“I had my Uncle Gilbert, who was a drug addict, an alcoholic and an armed robber,” he said. “But then my Uncle Rudy, his older brother, was on the track team. He was a good football player and went to college. My Uncle Rudy's still alive, and my Uncle Gilbert died of an overdose.”
While in prison, Trejo completed a twelve-step program and overcame drug addiction. He has now been clean and sober for 47 years.
Trejo, 71, has appeared in more than 330 film and television projects. The first, of course, was “Runaway Train.”
“I walked onto that movie set and happened to run into a guy named Eddie Bunker that I knew in prison,” Trejo said. “I asked Eddie what he was doing there, and he told me that he had adapted the screenplay. And then he asked me if I was still boxing.”
Bunker had seen Trejo fight in San Quentin, and the filmmakers needed someone to train Eric Roberts for a boxing scene.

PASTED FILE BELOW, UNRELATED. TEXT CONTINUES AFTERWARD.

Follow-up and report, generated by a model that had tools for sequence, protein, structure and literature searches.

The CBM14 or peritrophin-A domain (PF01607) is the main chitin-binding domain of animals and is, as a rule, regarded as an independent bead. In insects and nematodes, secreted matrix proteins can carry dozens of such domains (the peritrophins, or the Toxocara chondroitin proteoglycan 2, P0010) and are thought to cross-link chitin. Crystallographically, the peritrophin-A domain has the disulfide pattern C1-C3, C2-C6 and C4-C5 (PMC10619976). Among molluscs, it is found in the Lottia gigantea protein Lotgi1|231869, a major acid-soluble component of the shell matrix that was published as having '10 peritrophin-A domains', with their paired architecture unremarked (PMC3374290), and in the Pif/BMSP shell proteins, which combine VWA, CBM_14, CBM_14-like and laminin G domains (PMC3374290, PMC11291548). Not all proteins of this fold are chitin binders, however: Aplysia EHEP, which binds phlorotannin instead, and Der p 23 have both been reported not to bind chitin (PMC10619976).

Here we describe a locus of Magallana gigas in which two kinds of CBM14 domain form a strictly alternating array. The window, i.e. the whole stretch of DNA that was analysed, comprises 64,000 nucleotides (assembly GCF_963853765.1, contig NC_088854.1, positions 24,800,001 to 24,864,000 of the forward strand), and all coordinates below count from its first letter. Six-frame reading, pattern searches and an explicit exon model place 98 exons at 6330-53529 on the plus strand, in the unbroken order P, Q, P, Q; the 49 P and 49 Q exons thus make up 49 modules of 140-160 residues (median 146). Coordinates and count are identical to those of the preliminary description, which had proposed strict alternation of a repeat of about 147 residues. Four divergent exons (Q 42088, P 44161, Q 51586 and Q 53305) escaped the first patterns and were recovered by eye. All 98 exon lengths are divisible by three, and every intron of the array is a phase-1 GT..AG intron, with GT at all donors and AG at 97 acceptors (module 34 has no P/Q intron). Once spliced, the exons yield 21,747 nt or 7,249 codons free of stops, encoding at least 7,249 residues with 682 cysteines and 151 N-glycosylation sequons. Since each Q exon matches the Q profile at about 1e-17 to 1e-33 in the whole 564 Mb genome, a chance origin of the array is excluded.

“I asked him what it paid, and he told me $320 a day. I said, 'How bad do you want this guy beaten up, and how many days do you want me to beat him up?” Trejo said, laughing.
Konchalovsky saw Trejo training, liked his look and the way he moved around the ring, and cast him to play Roberts' opponent in the film.
Trejo went on to star in “Blood In Blood Out,” “Desperado,” “Con Air,” “Spy Kids,” “Machete,” “Bad Ass,” and countless other feature films and television shows.
Life of service
“When I got out of prison, I truly dedicated my life to helping others,” Trejo said. “Everything good that has ever happened to me has come as a direct result of helping someone else.”
He recalls one of the best pieces of advice he ever received.
“Eddie Bunker told me, 'The whole world can think you're a movie star — but you can't.' I really GET that,” Trejo said. “I'm just enjoying life. And the good Lord has given me a life that allows me to help people. My passion is talking to young kids, schools, juvenile halls and prisons — that's my passion.”
Being an actor, he concedes, is little more than a means to a very important end.